We note 4 potential sources of bias. First, the data are restricted to online reports of confirmed cases and therefore might be biased toward more severe cases in areas with a high-functioning healthcare and public health infrastructure. The rapid isolation of such case-patients might have prevented longer serial intervals, potentially shifting our estimate downward compared with serial intervals that might be observed in an uncontrolled epidemic. Second, the distribution of serial intervals varies throughout an epidemic; the time between successive cases contracts around the epidemic peak (9). A susceptible person is likely to become infected more quickly if they are surrounded by 2 infected persons instead of 1. Because our estimates are based primarily on transmission events reported during the early stages of outbreaks, we do not explicitly account for such compression and interpret the estimates as basic serial intervals at the outset of an epidemic. However, if some of the reported infections occurred amid growing clusters of cases, then our estimates might reflect effective (compressed) serial intervals that would be expected during a period of epidemic growth. Third, the identity of each infector and the timing of symptom onset were presumably based on individual recollection of past events. If recall accuracy is impeded by time or trauma, case-patients might be more likely to attribute infection to recent encounters (short serial intervals) over past encounters (longer serial intervals). In contrast, the reported serial intervals might be biased upward by travel-related delays in transmission from primary case-patients that were infected in Wuhan or another city before returning home. If their infectious period started during travel, then we might be unlikely to observe early transmission events with shorter serial intervals. The mean serial interval is slightly higher for the 218 of 301 unique infectors reported to have imported cases.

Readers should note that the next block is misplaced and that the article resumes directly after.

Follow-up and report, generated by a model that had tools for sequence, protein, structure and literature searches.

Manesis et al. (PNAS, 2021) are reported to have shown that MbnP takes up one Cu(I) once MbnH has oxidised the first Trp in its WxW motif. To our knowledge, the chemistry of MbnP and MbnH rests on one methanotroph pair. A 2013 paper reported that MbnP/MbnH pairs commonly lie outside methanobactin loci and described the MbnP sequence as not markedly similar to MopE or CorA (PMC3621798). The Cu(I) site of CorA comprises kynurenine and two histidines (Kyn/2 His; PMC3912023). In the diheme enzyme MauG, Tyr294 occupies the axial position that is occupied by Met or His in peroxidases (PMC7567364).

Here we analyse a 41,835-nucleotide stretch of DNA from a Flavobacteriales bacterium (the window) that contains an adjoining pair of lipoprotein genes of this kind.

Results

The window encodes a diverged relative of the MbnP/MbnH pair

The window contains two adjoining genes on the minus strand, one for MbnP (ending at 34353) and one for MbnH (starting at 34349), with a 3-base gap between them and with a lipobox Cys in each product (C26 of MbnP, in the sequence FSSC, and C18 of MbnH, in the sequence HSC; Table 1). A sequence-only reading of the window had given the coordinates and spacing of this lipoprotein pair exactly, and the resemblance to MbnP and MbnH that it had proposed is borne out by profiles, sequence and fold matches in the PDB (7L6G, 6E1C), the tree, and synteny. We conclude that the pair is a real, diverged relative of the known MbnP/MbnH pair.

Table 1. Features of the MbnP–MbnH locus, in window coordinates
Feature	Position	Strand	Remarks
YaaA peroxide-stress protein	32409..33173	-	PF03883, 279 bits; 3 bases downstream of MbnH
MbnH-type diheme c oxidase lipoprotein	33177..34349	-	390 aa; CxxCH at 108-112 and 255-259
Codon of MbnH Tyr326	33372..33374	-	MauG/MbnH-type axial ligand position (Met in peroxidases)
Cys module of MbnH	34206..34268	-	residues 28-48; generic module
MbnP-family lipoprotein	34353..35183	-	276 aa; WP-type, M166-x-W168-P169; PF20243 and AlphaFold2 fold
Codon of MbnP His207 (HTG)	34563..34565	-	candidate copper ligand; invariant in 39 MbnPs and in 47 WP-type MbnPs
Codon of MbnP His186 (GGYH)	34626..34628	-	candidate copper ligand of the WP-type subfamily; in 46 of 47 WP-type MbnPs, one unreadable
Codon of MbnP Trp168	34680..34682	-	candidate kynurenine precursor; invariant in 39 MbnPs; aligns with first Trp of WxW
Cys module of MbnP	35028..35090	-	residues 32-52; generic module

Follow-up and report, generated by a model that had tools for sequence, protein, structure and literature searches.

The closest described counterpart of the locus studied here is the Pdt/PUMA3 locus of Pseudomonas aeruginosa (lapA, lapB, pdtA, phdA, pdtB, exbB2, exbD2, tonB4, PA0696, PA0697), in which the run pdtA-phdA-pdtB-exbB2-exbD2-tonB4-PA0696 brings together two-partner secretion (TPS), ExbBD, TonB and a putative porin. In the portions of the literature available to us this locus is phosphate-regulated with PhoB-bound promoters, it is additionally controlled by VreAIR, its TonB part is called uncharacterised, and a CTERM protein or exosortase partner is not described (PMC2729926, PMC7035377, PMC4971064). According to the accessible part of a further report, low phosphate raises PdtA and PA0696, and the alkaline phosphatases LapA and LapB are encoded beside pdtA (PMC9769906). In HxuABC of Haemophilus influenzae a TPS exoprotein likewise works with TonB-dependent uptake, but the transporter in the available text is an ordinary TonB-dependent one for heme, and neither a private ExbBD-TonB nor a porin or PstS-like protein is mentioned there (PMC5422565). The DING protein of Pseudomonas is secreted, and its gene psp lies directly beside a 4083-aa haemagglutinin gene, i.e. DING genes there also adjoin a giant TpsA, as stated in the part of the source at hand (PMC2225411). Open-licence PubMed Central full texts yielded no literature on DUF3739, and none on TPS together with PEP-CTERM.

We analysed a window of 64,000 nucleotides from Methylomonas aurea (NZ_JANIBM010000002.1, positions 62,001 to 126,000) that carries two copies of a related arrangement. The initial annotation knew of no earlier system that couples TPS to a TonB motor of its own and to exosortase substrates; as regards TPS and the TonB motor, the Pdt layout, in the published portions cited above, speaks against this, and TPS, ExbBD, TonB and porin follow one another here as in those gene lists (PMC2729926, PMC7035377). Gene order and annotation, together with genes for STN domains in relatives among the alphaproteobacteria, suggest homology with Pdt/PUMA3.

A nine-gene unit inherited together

Given the heterogeneity in type and reliability of these sources, we caution that our findings should be interpreted as working hypotheses regarding the infectiousness of COVID-19, requiring further validation. The potential implications for COVID-19 control are mixed. Although our lower estimates for R0 suggest easier containment, the large number of reported asymptomatic transmission events is concerning.
Dr. Du is a postdoctoral researcher in the Department of Integrative Biology at the University of Texas at Austin. He develops mathematical models to elucidate the transmission dynamics, surveillance, and control of infectious diseases.
We acknowledge the financial support from the US National Institutes of Health (grant no. U01 GM087719) and the National Natural Science Foundation of China (grant no. 61773091).
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Original Publication Date: March 19, 2020
1These first authors contributed equally to this article.